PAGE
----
Google launches an open-source version of its differential privacy library
Google today released an open-source version of the differential privacy library it uses to power some of its own core products. Developers will be able to take this library and build their own tools that can work with aggregate data without revealing personally identifiable information either inside or outside their companies.
“Whether you’re a city planner, a small business owner, or a software developer, gaining useful insights from data can help make services work better and answer important questions,” writes Miguel Guevara, a product manager in the company’s Privacy and Data Protection Office. “But, without strong privacy protections, you risk losing the trust of your citizens, customers, and users. Differentially-private data analysis is a principled approach that enables organizations to learn from the majority of their data while simultaneously ensuring that those results do not allow any individual’s data to be distinguished or re-identified.”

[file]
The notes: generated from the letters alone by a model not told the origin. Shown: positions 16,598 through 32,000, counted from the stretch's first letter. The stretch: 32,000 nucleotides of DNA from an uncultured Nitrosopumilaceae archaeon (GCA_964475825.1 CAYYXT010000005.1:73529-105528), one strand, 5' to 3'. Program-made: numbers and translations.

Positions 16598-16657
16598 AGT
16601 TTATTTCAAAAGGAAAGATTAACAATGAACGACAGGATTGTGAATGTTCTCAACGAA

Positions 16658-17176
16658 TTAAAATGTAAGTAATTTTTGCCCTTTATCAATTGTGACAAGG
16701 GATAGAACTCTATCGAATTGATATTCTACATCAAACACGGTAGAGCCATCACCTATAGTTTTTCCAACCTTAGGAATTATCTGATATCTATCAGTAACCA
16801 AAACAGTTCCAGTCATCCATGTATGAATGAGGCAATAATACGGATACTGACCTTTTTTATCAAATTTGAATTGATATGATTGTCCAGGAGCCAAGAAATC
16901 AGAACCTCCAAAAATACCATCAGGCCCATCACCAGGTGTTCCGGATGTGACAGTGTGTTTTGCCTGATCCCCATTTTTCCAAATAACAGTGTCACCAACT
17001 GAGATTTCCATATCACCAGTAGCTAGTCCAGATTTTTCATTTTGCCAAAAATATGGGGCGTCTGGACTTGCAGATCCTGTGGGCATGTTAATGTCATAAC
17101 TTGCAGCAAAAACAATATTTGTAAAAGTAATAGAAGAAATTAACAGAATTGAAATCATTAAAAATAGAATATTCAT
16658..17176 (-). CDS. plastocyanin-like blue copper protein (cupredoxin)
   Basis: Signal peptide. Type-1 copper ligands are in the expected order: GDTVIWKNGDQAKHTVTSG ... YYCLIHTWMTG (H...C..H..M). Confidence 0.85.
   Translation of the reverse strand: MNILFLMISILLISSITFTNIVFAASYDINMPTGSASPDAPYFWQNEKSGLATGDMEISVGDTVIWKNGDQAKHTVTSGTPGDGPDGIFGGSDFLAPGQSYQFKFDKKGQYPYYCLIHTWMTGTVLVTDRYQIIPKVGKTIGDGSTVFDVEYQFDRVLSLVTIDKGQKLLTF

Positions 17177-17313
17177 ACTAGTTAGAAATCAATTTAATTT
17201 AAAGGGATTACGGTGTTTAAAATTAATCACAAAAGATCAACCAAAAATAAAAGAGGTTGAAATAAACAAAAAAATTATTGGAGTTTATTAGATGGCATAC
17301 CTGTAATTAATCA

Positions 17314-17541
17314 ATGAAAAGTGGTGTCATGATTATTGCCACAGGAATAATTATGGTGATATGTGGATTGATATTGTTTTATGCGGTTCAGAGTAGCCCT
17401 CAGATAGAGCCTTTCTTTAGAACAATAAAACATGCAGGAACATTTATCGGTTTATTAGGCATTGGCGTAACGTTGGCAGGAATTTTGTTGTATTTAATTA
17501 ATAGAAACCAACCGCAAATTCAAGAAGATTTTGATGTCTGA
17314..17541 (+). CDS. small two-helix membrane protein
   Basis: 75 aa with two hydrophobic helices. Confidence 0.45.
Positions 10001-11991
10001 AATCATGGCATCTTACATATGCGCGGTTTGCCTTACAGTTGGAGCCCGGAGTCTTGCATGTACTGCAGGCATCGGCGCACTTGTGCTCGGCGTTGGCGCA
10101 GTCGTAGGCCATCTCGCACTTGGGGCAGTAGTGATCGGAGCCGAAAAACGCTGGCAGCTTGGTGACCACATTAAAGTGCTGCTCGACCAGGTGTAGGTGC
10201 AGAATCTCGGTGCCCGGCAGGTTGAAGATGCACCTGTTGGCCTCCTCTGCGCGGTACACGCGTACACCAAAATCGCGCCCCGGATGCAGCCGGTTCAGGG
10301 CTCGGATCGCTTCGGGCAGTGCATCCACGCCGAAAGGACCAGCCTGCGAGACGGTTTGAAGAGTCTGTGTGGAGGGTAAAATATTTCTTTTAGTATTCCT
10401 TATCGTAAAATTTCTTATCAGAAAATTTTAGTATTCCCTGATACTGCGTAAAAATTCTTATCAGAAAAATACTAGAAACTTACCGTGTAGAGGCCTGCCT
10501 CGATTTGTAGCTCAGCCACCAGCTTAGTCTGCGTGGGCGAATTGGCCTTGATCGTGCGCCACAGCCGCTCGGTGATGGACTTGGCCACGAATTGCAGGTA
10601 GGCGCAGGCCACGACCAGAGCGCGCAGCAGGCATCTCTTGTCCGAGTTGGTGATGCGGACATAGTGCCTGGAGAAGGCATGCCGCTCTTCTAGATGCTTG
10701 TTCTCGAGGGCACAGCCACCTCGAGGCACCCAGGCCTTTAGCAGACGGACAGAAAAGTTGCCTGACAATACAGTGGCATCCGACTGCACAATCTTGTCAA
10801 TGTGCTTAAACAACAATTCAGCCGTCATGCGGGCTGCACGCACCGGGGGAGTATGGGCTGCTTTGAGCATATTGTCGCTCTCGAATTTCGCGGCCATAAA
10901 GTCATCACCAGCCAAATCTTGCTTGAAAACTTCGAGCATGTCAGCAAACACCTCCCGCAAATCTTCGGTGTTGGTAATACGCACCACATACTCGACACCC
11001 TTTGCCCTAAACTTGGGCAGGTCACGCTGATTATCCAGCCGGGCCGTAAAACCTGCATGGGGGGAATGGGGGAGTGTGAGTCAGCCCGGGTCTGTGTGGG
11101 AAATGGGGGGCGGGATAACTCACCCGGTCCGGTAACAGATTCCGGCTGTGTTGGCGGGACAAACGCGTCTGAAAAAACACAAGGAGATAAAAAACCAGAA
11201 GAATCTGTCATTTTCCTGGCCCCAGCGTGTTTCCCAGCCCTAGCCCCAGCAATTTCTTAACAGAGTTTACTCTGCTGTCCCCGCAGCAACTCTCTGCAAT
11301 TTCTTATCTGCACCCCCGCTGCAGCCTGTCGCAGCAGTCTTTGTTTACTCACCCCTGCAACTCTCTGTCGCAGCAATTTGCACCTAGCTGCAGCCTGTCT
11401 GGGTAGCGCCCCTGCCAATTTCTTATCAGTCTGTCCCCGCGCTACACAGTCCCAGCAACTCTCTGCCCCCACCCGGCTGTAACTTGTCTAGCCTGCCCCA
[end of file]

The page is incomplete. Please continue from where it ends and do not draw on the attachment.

As Google notes, the current version of the Apache-licensed C++ library focuses on features that are typically hard to build from scratch and includes many of the standard statistical functions that developers would need (think count, sum, mean, variance, etc.). The company also stresses that the the library includes an additional library for “rigorous testing” (because getting differential privacy right is hard), as well as a PostreSQL extension and a number of recipes to help developers get started.
These days, people often roll their eyes when they see ‘Google’ and ‘privacy’ in the same sentence. That’s understandable (though I think there is considerable tension inside the company about this, too). In this case, however, this is unquestionably a useful tool for developers that will allow them and the users they serve to build tools that analyze personal data without compromising the privacy of the people whose data they are working with. Typically, building those takes some considerable expertise, to the point where they may either not build them or simply not bother to to include these privacy features. With a library like this, they have no excuse not to implement differential privacy.
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